The North Carolina African American Heritage Commission is sponsoring a free African American Music Trails Festival Saturday, Oct. 21, 12-5 p.m., in Rocky Mount Mills, 1151 Falls Rd. in Rocky Mount.
This inaugural music festival is free, family friendly and open to the public. Enjoy live performances from North Carolina artists including Nu Gospel Trumpeters, Carter Minor, Jus Once Band, Joe Brown Band, Deep Rooted, Tish Songbird and more!
The event will also feature children’s activities, vendors, educational sessions and exhibits, panel discussions, and community events.
African American Music Trails is an exploration of the long and rich heritage of African American music in Eastern North Carolina – funk, blues, jazz, and gospel in Kinston, Tarboro, Wilson and everywhere in between. Originally developed by the North Carolina Arts Council to celebrate some of the most transformative figures in the history of jazz, gospel, and popular music, the African American Music Trails of Eastern North Carolina is now under the stewardship of the North Carolina African American Heritage Commission.
“The commission works with all things history, art, and culture, so music fits naturally into our work,” said Adrienne Nirdé, director of the African American Heritage Commission. “We’re excited to host this inaugural music festival and continue our mission to breathe new life into the trail.”
Learn more and register for this free event at: https://aahc.nc.gov/news/events/african-american-music-trail-festival-0
About the N.C. African American Commission
Created in 2008, the African American Heritage Commission is a division of the N.C. Department of Natural and Cultural Resources. The Commission works across the department to preserve, protect and promote the state’s African American history, art and culture for all people. Its endeavors include the identification of heritage sites, compiling resources for educators, extending the work of national programs such as the National Park Service’s Network to Freedom Underground Railroad, and independent initiatives including the NC Civil Rights Trail. aahc.nc.gov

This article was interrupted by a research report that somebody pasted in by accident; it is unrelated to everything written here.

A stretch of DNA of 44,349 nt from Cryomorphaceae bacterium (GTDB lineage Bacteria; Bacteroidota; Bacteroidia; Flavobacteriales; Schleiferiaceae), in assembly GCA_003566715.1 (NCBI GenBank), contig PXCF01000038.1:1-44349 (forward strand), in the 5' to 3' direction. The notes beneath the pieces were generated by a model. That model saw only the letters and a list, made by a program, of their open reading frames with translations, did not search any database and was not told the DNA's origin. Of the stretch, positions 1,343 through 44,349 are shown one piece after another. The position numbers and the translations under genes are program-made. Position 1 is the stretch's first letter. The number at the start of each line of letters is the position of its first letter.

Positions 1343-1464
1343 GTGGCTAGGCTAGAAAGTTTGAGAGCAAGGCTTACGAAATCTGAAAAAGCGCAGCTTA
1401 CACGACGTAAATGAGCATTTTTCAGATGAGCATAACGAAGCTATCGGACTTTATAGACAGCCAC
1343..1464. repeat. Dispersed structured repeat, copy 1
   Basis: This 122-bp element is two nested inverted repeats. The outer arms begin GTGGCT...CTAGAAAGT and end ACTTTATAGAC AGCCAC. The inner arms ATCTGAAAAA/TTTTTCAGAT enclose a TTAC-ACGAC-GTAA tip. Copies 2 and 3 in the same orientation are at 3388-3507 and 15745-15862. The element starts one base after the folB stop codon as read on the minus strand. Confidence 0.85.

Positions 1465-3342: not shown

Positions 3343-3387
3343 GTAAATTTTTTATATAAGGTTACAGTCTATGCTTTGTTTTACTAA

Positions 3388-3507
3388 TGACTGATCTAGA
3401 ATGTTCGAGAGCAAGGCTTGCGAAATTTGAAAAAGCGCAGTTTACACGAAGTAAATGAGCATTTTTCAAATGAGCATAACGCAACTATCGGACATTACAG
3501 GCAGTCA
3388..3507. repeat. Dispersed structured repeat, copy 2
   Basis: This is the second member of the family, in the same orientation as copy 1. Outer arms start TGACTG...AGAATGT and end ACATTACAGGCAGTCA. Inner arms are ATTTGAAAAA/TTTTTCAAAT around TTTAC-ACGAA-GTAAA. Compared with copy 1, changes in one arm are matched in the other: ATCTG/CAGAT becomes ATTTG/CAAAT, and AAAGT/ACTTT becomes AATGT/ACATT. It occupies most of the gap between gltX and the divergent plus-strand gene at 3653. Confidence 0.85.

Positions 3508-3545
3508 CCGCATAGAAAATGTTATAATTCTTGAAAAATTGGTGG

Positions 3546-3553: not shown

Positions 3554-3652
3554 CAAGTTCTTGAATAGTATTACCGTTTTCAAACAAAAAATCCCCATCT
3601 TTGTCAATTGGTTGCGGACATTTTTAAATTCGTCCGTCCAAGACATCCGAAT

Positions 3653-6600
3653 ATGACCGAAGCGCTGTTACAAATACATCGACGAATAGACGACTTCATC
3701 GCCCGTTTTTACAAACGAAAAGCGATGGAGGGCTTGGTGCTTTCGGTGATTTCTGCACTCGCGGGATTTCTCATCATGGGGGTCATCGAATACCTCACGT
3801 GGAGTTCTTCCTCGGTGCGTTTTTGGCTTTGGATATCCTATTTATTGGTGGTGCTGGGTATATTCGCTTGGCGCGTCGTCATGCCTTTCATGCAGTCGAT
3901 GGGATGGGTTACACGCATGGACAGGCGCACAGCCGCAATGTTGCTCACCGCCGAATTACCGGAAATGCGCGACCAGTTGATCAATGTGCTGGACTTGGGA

About the North Carolina Department of Natural and Cultural Resources
The N.C. Department of Natural and Cultural Resources (DNCR) manages, promotes, and enhances the things that people love about North Carolina – its diverse arts and culture, rich history, and spectacular natural areas. Through its programs, the department enhances education, stimulates economic development, improves public health, expands accessibility, and strengthens community resiliency.
The department manages over 100 locations across the state, including 27 historic sites, seven history museums, two art museums, five science museums, four aquariums, 35 state parks, four recreation areas, dozens of state trails and natural areas, the North Carolina Zoo, the North Carolina Symphony, the State Library, the State Archives, the N.C. Arts Council, the African American Heritage Commission, the American Indian Heritage Commission, the State Historic Preservation Office, the Office of State Archaeology, the Highway Historical Markers program, the N.C. Land and Water Fund, and the Natural Heritage Program. For more information, please visit www.ncdcr.gov.